A senior White House adviser insists President Barack Obama learned the Internal Revenue Service had been targeting tea party groups "when it came out in the news."More >>
A top White House adviser insisted President Barack Obama learned the Internal Revenue Service had targeted tea party groups only "when it came out in the news" while Republicans continued to press the administration for...More >>
BIRMINGHAM, Ala. -- The Alabama Supreme Court rejected an appeal by video game makers and sellers who asked a judge to throw out a $600 million lawsuit blaming the popular game "Grand Theft Auto" for the murders of three employees at the Fayette Police Department.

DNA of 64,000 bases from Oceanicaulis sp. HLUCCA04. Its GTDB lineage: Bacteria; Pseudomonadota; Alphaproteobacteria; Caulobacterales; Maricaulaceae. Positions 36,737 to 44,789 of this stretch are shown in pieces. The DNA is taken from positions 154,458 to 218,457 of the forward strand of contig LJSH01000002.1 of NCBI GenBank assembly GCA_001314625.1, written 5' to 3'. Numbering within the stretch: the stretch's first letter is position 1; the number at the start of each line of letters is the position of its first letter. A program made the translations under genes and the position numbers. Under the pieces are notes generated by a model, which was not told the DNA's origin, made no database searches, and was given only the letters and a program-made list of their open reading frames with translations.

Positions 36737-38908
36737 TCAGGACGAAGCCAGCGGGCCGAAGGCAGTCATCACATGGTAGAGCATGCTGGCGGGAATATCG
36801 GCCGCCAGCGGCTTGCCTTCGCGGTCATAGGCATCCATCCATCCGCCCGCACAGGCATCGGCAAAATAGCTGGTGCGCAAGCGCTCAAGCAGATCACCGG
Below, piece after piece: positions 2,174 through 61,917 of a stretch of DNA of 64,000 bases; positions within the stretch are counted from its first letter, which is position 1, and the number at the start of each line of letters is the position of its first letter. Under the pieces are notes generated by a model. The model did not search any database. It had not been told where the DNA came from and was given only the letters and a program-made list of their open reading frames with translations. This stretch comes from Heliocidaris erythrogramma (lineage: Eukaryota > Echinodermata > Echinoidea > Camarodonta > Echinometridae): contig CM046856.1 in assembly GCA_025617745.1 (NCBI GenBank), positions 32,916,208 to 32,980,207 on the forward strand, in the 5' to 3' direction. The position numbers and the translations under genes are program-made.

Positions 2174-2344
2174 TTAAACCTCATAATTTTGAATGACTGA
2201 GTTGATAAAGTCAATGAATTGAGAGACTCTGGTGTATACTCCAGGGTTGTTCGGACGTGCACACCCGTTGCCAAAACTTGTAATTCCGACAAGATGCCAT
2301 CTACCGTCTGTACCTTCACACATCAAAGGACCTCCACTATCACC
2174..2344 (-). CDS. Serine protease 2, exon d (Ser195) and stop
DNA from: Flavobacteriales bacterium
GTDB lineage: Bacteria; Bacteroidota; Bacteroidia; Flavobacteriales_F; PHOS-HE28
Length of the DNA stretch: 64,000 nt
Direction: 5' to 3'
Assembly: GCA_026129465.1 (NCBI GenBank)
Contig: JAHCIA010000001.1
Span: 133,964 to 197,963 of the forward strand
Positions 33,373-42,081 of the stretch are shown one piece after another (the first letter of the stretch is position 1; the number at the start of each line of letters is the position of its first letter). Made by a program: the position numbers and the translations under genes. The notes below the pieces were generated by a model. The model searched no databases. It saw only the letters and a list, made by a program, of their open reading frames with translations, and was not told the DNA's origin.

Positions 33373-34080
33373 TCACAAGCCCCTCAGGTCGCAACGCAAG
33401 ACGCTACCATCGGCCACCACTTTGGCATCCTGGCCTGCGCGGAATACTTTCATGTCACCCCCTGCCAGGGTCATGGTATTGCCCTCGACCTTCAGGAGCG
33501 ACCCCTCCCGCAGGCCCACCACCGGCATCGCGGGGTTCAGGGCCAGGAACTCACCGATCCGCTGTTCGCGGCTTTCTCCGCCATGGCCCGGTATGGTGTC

Ruling without comment, the justices refused to let the companies appeal the decision of a trial judge who refused to dismiss the suit over the slayings of two police officers and a radio dispatcher in 2003. The Supreme Court did agreed to hear manufacturers' claims challenging whether Alabama courts have the power to hear the case. A lawyer for the victims' families said the high court's refusal last Friday to grant an appeal set the stage for what could be the nation's first trial over killings blamed on video games, perhaps as early as January. The companies deny any link between the game and the slayings. Evidence showed Devin Moore grabbed an officer's gun and started shooting inside the department where he was being booked on suspicion of car theft in June 2003. Killed were officers Arnold Strickland and James Crump and dispatcher Leslie "Ace" Mealer. A judge last year sentenced Moore to die by lethal injection for the slayings. Copyright 2006 Associated Press. All rights reserved. This material may not be published, broadcast, rewritten, or redistributed.